One of my favorite classes at Christendom was Dr. Rice’s Shakespeare’s Histories and Tragedies. He made the works come to life and helped increase my understanding of the life and times of the Bard. Especially amazing was the hospitality and personal attention he gave to our class—inviting us to his home to watch some performances of the plays that we read and even giving us the opportunity to reenact scenes from Shakespeare for extra credit. It was a blast! I’ll never forget killing Desdemona on his living room couch! :) Thank you, Dr. Rice, for the wisdom you’ve shared with us, your students, and the dedication you’ve shown to us and the entire college community. Eins, zwei, Drei g’suffa!

-Niall O’Donnell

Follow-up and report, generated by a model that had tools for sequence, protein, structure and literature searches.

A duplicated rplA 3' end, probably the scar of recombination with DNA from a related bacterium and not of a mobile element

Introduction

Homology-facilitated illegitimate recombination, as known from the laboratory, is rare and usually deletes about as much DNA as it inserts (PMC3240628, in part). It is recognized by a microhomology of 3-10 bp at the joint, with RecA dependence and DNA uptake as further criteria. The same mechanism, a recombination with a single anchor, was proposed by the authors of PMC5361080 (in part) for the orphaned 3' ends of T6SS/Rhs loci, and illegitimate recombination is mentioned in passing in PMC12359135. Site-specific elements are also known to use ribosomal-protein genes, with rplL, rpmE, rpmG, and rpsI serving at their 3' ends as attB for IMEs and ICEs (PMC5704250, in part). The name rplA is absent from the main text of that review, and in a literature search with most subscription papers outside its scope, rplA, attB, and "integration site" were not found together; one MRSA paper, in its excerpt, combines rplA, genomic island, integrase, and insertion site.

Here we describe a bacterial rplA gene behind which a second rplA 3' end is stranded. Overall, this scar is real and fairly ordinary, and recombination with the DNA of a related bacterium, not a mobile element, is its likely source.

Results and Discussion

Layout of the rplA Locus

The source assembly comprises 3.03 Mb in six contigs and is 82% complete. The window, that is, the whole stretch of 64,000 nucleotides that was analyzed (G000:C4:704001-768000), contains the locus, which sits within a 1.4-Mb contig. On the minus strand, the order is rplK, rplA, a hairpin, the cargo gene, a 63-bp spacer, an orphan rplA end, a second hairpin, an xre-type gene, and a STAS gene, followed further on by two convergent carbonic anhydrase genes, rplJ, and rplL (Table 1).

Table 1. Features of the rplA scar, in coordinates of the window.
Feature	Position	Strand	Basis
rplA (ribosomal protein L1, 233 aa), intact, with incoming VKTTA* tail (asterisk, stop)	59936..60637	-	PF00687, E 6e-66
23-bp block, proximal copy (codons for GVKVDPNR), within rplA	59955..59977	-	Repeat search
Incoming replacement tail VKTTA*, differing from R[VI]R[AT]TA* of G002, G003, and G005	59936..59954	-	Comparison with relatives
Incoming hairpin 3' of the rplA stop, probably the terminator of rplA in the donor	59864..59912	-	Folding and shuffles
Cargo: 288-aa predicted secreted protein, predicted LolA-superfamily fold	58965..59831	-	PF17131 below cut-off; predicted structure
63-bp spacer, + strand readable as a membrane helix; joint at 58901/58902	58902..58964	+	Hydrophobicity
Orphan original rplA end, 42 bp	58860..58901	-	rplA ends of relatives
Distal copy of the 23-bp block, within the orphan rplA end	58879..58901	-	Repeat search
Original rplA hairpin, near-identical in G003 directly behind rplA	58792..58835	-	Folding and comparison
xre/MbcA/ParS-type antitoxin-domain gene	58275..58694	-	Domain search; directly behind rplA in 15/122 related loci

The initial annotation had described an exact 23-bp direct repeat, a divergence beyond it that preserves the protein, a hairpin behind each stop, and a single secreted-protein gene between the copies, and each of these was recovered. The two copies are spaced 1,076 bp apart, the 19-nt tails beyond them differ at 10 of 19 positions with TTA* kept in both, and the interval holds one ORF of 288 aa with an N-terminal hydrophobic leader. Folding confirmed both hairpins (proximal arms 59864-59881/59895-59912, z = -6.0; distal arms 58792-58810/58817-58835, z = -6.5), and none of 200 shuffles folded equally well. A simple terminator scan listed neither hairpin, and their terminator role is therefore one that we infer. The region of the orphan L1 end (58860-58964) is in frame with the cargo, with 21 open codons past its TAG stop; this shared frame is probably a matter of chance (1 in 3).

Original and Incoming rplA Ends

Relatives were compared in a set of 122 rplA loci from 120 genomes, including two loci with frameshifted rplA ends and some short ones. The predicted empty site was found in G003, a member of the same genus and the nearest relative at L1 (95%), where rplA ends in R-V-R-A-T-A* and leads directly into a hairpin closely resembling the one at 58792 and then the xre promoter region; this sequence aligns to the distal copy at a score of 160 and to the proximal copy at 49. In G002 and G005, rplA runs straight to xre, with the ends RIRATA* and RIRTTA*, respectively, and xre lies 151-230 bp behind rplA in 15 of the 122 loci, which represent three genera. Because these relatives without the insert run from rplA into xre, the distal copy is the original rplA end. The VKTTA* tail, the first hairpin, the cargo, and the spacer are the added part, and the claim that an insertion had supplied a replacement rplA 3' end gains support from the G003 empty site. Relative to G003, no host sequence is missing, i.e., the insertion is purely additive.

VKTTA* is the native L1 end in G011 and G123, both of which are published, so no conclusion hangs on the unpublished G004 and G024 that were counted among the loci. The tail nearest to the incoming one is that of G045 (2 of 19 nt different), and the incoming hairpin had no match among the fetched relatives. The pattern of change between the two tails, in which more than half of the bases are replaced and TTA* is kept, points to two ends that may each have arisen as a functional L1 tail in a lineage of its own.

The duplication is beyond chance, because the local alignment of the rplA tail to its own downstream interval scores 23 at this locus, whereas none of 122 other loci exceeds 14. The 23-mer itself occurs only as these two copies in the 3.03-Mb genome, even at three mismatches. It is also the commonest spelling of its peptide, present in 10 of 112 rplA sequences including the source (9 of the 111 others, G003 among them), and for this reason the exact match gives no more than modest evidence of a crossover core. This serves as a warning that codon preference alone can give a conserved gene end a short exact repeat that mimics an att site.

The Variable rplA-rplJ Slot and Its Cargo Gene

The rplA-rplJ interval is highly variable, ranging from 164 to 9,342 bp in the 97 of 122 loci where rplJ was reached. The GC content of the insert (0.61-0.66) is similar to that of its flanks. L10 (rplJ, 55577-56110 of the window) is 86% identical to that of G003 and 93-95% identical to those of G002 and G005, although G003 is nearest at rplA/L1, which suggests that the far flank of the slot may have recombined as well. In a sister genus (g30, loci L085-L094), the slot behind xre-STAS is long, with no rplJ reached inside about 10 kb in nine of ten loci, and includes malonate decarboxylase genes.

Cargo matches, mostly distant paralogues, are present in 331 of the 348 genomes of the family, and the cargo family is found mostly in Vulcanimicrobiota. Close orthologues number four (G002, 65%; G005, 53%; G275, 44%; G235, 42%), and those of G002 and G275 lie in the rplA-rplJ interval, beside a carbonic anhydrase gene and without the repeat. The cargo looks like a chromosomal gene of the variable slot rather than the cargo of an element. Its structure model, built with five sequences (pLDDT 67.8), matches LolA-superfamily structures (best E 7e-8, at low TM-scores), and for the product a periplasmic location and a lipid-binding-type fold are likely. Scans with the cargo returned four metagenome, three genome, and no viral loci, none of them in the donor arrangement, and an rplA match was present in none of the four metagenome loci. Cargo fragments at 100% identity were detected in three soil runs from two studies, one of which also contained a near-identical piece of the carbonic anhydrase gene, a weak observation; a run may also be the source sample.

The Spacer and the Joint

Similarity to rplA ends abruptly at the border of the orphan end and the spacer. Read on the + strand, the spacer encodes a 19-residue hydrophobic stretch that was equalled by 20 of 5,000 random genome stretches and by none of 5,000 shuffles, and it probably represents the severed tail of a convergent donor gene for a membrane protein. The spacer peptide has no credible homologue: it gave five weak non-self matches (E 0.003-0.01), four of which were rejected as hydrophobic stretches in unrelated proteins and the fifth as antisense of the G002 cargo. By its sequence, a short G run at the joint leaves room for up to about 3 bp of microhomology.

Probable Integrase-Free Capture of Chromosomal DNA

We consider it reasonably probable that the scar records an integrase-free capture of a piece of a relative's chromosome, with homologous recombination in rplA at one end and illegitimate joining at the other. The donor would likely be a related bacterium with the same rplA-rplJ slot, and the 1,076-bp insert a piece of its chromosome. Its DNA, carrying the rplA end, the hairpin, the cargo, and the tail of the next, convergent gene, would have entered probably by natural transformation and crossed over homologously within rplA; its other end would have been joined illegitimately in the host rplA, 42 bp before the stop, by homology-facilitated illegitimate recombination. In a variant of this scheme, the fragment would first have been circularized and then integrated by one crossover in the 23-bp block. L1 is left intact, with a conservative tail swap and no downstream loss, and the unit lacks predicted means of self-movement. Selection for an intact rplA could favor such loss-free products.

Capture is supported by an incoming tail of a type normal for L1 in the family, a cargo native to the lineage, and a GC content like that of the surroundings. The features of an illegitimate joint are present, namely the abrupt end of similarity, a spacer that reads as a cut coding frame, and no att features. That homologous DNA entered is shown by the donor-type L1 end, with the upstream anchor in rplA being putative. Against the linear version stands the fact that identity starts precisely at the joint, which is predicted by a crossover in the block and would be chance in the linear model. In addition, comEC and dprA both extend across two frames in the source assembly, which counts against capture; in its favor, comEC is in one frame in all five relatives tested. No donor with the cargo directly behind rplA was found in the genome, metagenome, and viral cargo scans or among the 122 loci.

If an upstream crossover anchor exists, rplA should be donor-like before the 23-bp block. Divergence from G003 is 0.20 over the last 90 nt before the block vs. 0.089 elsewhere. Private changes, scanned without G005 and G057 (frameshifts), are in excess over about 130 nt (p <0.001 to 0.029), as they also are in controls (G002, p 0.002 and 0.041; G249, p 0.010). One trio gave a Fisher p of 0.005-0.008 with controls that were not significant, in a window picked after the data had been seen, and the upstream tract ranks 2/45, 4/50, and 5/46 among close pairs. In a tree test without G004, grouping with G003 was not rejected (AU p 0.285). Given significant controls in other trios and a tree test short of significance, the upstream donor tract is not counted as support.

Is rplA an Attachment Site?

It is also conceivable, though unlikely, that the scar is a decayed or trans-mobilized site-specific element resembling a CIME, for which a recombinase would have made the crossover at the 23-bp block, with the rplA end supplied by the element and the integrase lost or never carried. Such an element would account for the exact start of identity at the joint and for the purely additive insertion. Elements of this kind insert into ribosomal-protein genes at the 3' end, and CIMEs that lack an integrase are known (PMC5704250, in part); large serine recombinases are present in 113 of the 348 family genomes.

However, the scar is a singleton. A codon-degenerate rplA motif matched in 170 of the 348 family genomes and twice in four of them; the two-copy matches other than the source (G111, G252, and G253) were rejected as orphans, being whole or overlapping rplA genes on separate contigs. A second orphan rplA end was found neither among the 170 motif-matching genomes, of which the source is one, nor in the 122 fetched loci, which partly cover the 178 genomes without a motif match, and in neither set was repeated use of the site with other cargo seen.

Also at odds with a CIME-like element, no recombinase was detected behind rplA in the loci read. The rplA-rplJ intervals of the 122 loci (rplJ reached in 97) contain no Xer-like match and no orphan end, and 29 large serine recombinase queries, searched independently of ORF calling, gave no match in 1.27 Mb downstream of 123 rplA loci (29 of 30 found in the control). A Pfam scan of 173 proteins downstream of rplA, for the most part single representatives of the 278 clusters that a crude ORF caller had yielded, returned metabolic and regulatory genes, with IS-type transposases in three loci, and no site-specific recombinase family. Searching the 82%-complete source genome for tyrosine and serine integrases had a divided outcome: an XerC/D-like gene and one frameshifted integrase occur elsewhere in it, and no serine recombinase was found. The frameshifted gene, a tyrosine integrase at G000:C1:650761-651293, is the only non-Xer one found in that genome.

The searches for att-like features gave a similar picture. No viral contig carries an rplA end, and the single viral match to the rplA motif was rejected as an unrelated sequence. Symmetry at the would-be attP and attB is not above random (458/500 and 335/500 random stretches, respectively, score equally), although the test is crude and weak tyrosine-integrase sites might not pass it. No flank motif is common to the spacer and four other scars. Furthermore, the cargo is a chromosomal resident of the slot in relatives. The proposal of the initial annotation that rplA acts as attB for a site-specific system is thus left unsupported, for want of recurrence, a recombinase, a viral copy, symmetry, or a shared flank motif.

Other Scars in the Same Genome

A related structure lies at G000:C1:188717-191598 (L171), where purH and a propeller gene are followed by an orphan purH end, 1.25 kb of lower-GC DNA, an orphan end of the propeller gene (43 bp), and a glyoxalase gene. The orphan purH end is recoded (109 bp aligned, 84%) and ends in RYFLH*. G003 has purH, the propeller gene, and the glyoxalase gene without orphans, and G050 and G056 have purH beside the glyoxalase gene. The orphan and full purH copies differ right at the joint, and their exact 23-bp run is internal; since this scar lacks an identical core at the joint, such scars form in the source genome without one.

Here are a few thoughts and memories concerning our esteemed colleague: 1) Receiving initial correspondence from him after I first applied for this job. His letter was so gracious and personal that I felt I might be right at home here at Christendom. 2) Taking a tour of the campus when I interviewed here and noting how he could tell you what each building used to be and when each tree was planted. This place is part of his life’s work, and he has as a result shaped many lives through it. 3) Seeing him one day in Mass make the sign of the cross so reverently and thoughtfully that it made me reflect upon the importance of being the best example possible to all those around me. 4) Recalling how the students one day piled snow around his front door in an effort to make him miss class. Undeterred, he left through a window! (At least, that’s my recollection of events!) 5) Being surprised that someone so smart could nevertheless have such a wonderful sense of humor! Here’s a Robert Rice joke that he told my class this year when he spoke to them about Beowulf and Old English. I intend to tell it to my 102 students every year: “Grendel’s tastes are rather plainish; / For breakfast just a little Danish!” 6) Feeling so appreciative that he and Mary Alice looked up the information from the funeral home when my father died and left a very sweet note about him in the online guestbook. 7) Receiving some of his books when he retired. Last year I was teaching 201 after not having taught it for some time, and a number of our editions had changed. He gave me a whole stack of his books, and I remember being shocked at the thought he would never need them again for a class here. It all seems so final. In some ways he is like an intellectual and spiritual father to all of us. He will be sorely missed. 8) Reflecting upon the fact that many of the people who work here owe a huge debt to Dr. Robert Rice. Many of us were hired by him directly; others who will come along later will be hired by the people he hired. He has thus left an indelible mark upon the place.